Employee-related security risks top the list of concerns for security professionals, but organizations aren't doing enough to prevent negligent employee behavior, according to a new study.
Last month, security research firm Ponemon Institute, sponsored by Experian Data Breach Resolution, surveyed 601 individuals at companies with a data protection and privacy training program on the issue of negligent and malicious employee behaviors for the Managing Insider Risk through Training & Culture report.
Sixty-six percent of respondents said employees are the weakest link their efforts to create a strong security posture, and 55 percent said their organization had suffered a security incident or data breach due to a malicious or negligent employee.
What keeps CSOs awake at night ...
The negligent and malicious behaviors that concern security professionals the most include the following:
- Unleashing malware from an insecure website or mobile device (70 percent)
- Violating access rights (60 percent)
- Using unapproved mobile devices in the workplace (55 percent)
- Using unapproved cloud or mobile apps in the workplace (54 percent)
- Accessing company applications from an insecure public network (49 percent)
- Succumbing to targeted phishing attacks (47 percent)
While these companies are investing in employee training and other efforts around the handling of sensitive and confidential information, most are not finding success. Ponemon found that 60 percent of respondents said they believe their employees are not knowledgeable or have no knowledge of the company's security risks. And only 35 percent of respondents said their senior management believes it is a priority that employees are knowledgeable about how data security risks affect their organization.
"Among the many security issues facing companies today, the study emphasizes that the risk of a data breach caused by a simple employee mistake or act of negligence is driving many breaches," Michael Bruemmer, vice president of Experian Data Breach Resolution, said in a statement last week. "Unfortunately, companies continue to experience the consequences of employees either falling victim to cyberattacks or exposing information inadvertently. There are several steps that companies should take to better equip their employees with the tools they need to protect company data, including moving beyond simple employee education practices and shifting to a culture of security."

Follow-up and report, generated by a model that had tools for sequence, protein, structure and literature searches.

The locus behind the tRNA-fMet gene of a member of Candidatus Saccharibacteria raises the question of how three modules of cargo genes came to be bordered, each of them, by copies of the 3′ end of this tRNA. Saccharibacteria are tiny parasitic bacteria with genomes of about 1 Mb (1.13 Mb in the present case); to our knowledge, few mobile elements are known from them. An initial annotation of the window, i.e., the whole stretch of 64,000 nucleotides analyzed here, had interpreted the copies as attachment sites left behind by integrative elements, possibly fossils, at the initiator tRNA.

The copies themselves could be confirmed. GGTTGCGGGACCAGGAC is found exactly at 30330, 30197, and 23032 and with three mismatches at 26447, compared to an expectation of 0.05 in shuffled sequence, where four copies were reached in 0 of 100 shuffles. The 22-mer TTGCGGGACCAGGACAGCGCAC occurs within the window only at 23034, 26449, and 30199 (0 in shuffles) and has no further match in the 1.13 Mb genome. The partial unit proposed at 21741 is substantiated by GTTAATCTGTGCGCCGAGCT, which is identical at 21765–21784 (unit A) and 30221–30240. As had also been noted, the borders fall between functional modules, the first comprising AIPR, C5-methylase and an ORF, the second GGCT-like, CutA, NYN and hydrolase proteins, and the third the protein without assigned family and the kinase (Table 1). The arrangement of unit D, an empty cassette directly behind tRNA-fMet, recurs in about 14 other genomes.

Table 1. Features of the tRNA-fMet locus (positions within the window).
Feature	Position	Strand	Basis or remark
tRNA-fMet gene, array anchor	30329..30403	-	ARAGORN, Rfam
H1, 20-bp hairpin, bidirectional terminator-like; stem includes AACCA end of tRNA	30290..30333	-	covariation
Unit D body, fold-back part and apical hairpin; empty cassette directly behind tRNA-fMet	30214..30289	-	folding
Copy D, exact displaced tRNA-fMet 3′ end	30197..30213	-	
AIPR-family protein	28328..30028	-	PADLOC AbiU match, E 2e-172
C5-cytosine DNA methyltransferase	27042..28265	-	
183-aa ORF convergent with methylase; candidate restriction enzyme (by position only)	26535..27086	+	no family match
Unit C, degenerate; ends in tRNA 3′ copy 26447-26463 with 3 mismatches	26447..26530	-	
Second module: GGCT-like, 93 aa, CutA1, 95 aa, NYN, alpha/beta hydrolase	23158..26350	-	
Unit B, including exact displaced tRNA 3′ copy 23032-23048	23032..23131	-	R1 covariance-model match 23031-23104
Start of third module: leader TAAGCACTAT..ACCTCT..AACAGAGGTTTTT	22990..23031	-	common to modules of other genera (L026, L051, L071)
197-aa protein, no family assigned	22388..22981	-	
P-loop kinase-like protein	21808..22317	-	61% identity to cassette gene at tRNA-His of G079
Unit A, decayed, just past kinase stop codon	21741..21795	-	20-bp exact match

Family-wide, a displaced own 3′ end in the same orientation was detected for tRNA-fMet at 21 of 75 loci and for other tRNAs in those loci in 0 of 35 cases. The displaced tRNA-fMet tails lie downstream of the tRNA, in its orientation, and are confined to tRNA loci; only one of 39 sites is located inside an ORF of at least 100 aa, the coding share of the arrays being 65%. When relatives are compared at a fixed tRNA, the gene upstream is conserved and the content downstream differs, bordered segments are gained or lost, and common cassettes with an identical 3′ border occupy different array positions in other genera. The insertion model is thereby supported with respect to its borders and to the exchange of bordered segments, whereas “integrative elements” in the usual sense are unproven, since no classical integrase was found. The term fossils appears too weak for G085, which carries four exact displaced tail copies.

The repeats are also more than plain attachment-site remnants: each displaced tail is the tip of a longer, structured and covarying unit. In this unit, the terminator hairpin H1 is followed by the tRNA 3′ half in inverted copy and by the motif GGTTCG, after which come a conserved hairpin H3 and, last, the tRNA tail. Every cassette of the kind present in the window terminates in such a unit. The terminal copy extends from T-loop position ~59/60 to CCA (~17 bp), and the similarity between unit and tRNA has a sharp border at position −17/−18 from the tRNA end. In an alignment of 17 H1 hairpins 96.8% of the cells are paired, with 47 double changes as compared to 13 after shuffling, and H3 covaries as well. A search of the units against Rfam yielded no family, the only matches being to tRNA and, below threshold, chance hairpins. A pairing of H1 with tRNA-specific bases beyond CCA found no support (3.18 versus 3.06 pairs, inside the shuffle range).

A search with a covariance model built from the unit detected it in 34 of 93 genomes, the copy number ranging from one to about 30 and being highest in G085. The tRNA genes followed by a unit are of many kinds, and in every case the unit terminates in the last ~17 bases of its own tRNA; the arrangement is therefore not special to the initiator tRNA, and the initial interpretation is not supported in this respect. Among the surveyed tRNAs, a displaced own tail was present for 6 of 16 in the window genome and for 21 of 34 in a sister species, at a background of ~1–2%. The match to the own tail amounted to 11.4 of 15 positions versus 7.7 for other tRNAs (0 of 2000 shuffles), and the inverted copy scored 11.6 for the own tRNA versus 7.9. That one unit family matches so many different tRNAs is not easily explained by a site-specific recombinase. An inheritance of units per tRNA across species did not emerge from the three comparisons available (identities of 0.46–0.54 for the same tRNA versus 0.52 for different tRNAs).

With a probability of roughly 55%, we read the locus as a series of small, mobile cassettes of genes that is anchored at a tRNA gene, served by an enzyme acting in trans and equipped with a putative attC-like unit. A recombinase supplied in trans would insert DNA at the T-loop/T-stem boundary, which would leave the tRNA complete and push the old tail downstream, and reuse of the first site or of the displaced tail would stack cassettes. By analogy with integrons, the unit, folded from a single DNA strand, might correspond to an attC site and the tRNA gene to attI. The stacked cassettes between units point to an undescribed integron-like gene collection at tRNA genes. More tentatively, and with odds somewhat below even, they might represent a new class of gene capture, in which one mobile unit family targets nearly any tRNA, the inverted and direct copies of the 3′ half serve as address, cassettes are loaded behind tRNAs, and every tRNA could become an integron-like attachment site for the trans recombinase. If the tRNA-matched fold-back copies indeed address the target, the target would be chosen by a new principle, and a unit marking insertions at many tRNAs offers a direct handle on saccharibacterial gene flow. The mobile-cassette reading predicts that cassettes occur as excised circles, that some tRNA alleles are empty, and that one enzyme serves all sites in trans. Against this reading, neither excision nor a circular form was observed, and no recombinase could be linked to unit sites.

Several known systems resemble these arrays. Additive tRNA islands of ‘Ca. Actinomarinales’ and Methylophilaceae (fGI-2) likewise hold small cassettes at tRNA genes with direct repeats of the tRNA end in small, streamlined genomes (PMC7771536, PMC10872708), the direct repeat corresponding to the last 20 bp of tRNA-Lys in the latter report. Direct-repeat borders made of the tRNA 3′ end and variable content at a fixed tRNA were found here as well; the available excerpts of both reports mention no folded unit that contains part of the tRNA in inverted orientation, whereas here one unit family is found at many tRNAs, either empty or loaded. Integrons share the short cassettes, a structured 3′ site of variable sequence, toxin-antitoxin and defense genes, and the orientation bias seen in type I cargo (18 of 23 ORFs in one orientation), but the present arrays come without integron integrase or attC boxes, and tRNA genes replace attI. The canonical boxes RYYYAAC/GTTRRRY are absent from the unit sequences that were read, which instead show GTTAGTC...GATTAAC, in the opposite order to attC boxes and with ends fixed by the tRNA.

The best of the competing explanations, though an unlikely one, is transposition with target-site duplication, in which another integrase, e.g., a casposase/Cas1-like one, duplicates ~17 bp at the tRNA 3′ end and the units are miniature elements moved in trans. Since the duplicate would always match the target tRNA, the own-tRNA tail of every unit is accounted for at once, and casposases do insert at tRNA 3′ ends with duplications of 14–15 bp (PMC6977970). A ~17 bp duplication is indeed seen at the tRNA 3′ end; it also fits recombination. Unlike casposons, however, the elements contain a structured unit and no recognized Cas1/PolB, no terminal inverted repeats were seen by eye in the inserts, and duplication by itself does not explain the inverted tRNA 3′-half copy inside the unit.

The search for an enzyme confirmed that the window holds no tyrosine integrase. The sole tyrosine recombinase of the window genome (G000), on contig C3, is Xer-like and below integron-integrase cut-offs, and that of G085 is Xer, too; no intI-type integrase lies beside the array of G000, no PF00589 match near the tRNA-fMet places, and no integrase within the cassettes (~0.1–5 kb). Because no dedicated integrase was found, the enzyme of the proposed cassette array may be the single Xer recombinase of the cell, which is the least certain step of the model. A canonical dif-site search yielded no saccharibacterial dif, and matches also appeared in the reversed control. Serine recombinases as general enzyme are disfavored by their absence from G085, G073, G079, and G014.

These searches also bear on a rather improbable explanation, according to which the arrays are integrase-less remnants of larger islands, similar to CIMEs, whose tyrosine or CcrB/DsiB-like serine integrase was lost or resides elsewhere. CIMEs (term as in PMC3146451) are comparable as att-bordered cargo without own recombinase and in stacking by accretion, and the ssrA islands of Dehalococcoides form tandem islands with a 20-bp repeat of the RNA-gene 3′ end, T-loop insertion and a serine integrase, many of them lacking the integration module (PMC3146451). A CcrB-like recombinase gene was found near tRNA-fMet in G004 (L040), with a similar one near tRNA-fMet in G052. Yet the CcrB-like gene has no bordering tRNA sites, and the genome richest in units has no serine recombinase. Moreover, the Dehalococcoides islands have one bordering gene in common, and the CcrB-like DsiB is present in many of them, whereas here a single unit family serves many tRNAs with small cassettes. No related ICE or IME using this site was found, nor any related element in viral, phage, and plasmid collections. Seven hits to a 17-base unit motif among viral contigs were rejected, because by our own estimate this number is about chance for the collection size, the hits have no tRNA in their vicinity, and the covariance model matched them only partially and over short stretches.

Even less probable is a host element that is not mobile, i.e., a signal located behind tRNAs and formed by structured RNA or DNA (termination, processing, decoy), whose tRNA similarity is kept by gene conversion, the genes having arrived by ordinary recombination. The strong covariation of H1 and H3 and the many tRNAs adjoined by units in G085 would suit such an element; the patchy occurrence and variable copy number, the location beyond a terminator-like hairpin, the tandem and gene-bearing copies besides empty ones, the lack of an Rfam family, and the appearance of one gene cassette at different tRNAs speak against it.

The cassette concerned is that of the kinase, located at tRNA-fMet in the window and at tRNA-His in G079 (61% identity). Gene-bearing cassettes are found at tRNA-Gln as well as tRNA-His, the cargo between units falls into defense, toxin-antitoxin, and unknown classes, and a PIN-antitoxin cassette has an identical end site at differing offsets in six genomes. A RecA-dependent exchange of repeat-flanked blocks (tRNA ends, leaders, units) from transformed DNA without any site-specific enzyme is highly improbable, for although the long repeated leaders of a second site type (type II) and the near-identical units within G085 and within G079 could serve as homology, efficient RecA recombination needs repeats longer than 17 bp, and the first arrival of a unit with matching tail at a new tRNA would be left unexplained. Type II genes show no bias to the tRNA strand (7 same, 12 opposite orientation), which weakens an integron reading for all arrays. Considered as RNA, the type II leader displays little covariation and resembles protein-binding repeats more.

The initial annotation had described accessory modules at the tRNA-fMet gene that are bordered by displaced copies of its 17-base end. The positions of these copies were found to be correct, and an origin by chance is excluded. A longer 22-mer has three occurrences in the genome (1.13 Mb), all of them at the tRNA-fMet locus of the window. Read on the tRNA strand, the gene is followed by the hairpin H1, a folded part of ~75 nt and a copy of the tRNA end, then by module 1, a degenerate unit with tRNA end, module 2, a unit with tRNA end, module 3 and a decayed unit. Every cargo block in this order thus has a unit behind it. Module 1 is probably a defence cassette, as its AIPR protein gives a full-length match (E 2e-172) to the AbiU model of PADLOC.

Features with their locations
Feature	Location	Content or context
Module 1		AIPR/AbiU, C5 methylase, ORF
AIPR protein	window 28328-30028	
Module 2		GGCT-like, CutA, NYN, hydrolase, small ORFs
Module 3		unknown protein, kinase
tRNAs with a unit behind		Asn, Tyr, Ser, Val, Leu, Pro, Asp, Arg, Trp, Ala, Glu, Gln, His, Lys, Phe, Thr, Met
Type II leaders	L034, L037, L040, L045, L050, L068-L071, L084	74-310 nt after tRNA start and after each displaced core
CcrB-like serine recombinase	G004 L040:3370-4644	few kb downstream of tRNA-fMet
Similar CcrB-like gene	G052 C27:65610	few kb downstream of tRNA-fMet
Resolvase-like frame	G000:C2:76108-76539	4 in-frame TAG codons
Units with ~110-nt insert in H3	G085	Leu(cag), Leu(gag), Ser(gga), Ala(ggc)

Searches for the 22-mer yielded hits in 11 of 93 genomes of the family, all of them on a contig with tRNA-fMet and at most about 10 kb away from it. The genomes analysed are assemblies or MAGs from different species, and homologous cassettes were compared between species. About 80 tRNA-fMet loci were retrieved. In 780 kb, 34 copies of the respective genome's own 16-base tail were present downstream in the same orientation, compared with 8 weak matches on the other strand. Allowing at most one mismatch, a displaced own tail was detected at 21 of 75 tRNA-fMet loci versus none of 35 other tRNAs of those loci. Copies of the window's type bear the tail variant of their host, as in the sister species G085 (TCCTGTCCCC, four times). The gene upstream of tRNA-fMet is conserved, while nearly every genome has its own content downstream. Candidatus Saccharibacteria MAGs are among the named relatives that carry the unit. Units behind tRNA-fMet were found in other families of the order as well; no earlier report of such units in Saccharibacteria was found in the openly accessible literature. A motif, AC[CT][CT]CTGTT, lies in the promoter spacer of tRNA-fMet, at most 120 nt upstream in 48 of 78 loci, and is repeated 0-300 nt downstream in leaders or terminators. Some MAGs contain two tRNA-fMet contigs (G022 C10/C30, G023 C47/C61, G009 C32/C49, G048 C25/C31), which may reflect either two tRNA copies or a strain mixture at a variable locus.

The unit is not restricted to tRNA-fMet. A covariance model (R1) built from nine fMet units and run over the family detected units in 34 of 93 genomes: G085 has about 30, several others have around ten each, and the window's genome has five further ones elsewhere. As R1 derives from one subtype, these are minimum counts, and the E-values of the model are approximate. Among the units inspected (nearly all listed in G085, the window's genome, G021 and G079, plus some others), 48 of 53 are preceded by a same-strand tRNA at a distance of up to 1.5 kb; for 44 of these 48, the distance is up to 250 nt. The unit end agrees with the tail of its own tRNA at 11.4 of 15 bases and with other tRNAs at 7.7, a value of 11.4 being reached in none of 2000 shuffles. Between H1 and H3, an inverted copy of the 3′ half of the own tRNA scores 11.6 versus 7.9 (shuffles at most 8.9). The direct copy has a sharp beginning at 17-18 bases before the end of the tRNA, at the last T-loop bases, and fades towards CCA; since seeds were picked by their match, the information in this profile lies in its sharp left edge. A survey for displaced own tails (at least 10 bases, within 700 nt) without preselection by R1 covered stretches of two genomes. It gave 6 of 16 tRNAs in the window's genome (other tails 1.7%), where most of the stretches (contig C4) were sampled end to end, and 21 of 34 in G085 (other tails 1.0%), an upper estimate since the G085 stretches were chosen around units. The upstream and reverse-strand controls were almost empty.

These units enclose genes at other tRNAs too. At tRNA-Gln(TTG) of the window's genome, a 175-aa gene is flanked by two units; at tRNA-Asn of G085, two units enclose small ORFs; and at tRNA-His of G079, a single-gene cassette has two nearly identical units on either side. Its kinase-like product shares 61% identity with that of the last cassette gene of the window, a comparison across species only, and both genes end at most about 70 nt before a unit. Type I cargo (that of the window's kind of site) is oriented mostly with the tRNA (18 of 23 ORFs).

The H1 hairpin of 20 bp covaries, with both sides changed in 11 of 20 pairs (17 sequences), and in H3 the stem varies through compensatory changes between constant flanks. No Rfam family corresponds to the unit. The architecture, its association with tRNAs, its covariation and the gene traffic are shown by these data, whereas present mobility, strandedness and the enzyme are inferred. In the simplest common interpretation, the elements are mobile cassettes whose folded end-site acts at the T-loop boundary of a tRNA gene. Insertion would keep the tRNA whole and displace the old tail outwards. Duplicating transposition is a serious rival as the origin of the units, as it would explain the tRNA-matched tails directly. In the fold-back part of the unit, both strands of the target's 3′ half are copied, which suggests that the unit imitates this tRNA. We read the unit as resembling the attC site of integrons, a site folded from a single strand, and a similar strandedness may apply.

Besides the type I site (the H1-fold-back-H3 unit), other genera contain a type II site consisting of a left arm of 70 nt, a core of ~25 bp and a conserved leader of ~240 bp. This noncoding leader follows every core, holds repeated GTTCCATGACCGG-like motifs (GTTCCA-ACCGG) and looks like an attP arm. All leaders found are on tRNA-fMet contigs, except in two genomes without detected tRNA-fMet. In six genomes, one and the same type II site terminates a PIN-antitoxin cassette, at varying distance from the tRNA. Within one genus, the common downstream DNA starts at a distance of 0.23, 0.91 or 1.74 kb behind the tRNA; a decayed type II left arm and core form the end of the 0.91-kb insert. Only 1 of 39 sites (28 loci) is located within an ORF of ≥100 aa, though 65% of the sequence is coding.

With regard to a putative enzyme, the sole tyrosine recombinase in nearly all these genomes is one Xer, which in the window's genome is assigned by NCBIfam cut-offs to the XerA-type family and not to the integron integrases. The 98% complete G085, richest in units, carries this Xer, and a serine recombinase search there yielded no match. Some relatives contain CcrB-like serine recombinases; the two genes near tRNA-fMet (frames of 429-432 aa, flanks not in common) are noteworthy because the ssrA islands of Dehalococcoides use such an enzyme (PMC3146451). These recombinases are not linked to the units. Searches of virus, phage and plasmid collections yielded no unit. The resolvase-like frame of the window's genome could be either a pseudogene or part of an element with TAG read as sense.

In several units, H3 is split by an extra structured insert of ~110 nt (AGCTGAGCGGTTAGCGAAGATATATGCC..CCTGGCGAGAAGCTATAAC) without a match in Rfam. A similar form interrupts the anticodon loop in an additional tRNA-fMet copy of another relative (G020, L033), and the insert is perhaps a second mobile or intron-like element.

The report found that while every company surveyed has a training program, "many of these programs do not have the depth and breadth of content to drive significant behavioral changes and reduce the insider risk."
In fact, only about half of the respondents agreed or strongly agreed that their current employee training reduces noncompliant behaviors.
The programs fall short in a number of areas, according to the report. First, 43 percent of respondents said that training consists of only one basic course for all employees. And the courses often ignore critical areas:
- Only 49 percent of respondents said their course includes phishing and social engineering attacks.
- Only 38 percent of respondents said their course includes mobile device security.
- Only 29 percent said their course includes the secure use of cloud services.
In addition, only 45 percent of the companies in the survey made the training mandatory for all employees. Even those companies that did make training mandatory often made exceptions — for example, 29 percent of respondents said the CEO and C-level executives (employees that typically have access to high-value, sensitive information) were not required to take the course.
To move the needle on security awareness, Experian and Ponemon say organizations need to foster a culture of security. Recommendations include the following:
- Gamify training. Gamify training to make learning about potential security and privacy threats fun. Interactive games that illustrate threats for employees can make the educational experience enjoyable and the content easier to retain. For example, new technologies that simulate real phishing emails and provide simple ways to report potentially fraudulent messages are gaining traction.
- Apply a carrot-and-stick approach to reducing insider risk. Provide employees with incentives to report security issues and safeguard financial information. Establish and communicate the consequences of a data breach or security incident caused by negligent or careless behavior. The tone at the top is critical — senior executives should set an example by participating in the data protection and privacy training (DPPT) program and emphasizing the importance of reducing the risk of a data breach or security incident.
This story, "Security training programs don't do enough to mitigate insider risk" was originally published by CIO.